MINSK, 6 October (BelTA) – Due to global warming, winter crops are a better bet than spring crops, the Belarus Segodnya newspaper learned from First Deputy Director General of the Scientific and Practical Center for Agriculture of the National Academy of Sciences of Belarus (NASB) Eroma Urban.
“Why is the sowing of winter cereals is becoming so relevant now? For a long time, the area under winter crops equaled that under spring crops in our country. But in recent years, due to global warming, droughts have become more frequent. In this regard, the Agriculture and Food Ministry, together with the National Academy of Sciences, has developed a Strategy for Adapting Agriculture to Climate Change. This strategy highlights the need to increase the area under winter cereals,” the expert noted.
According to him, winter crops have advantages over spring crops. “Sown at the optimal time and fertilized with the adequate amount of potash and phosphorus fertilizers, winter crops are better able to survive the lack of moisture and high temperatures in spring and summer. As a result, the yield is much higher than that of spring crops. At the same time, we recommend a broader use of drought-resistant crops: winter diploid rye, millet, foxtail millet, sweet clover, lotus, sainfoin, winter rapeseed, sorghum-Sudanese hybrids and others. Scientists are also busy creating new varieties. They use the gene pool of agricultural crops from other regions, in particular Russia where the deficit of moisture and the impact of high temperatures during the growing season are more pronounced than in Belarus. Breeders cross them with Belarusian varieties in order to create their own variety resistant to high temperatures and moisture deficit,” the expert said.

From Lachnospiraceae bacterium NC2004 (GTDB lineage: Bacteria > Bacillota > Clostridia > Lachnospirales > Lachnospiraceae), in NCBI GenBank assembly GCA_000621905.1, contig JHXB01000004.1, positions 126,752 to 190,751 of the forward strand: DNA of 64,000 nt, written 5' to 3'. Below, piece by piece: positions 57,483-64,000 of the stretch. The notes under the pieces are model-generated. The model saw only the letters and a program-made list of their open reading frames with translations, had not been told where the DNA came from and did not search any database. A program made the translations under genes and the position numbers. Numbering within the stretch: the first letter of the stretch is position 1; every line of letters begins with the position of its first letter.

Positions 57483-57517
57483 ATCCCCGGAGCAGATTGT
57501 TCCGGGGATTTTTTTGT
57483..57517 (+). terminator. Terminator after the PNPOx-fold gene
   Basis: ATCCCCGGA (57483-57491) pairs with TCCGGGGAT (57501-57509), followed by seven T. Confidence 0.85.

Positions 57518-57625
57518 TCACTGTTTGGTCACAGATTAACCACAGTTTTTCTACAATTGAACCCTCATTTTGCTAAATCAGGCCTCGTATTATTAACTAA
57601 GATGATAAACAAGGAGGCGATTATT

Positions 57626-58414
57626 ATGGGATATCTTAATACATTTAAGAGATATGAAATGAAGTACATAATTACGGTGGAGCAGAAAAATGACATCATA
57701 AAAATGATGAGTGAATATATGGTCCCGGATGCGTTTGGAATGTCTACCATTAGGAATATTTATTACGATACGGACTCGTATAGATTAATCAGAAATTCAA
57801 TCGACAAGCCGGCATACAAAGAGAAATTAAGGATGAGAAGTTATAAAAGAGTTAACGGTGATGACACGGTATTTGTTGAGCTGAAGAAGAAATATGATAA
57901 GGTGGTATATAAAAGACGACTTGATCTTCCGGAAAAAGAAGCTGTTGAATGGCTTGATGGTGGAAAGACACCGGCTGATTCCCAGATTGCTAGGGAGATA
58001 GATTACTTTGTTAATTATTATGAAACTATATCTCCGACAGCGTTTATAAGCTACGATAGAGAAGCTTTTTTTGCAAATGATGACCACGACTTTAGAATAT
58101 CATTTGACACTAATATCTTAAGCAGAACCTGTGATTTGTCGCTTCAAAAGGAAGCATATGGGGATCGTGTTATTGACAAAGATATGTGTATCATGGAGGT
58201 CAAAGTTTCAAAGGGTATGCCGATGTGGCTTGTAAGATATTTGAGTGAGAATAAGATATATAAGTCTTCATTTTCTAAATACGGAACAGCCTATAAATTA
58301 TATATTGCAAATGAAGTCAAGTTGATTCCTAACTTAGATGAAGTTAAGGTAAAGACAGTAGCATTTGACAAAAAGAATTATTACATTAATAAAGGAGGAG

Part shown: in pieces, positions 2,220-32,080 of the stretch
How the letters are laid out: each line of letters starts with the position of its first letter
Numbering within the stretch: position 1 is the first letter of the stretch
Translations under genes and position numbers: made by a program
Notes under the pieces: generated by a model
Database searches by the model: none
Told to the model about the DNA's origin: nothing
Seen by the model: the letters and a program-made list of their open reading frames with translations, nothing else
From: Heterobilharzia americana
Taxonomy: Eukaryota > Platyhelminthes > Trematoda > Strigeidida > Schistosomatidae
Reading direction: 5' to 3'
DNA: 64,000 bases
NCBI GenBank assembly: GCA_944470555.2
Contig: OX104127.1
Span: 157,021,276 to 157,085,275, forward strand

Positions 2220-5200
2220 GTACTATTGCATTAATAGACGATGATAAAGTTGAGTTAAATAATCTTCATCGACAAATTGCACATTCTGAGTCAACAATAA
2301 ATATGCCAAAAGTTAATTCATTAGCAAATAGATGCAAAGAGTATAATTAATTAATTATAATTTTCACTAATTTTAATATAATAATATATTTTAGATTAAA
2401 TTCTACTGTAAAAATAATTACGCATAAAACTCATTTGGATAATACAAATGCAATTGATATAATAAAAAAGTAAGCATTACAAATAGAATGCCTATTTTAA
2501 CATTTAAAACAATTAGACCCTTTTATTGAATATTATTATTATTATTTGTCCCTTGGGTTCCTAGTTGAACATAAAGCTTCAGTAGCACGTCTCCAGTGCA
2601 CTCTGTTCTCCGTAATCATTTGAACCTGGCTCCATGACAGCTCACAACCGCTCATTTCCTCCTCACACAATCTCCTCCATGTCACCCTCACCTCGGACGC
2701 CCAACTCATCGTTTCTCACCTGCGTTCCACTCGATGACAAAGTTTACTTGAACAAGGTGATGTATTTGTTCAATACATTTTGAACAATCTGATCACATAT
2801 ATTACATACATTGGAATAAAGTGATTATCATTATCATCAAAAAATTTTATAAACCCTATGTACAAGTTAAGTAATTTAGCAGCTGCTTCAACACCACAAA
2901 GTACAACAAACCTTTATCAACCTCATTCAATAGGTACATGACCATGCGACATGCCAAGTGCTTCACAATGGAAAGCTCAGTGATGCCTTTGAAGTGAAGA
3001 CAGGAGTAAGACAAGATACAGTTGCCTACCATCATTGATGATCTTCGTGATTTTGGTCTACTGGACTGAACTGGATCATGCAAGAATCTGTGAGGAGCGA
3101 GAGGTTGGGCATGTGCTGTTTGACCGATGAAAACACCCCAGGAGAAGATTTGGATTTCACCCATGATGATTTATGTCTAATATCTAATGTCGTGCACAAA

The specialist believes that the cultivation of corn for grain also helps to address the problems caused by global warming. “In 1995 two thousand hectares were used for this crop, while this year the area under this crop was expanded to 241,000 hectares. In recent years, corn grain has been produced even in Vitebsk Oblast. Now Belarus produces more than one million tons of this product in barn weight every year. Climate change has also led to an increase in the area under crops that were very rare in Belarus before, such as watermelons, melons, apricots, peaches, grapes. These crops are now grown not only on subsidiary plots, but also on a semi-industrial and even industrial scale. Now our task is to ramp up their production,” First Deputy Director General of the Scientific and Practical Center for Agriculture of the National Academy of Sciences of Belarus Eroma Urban concluded.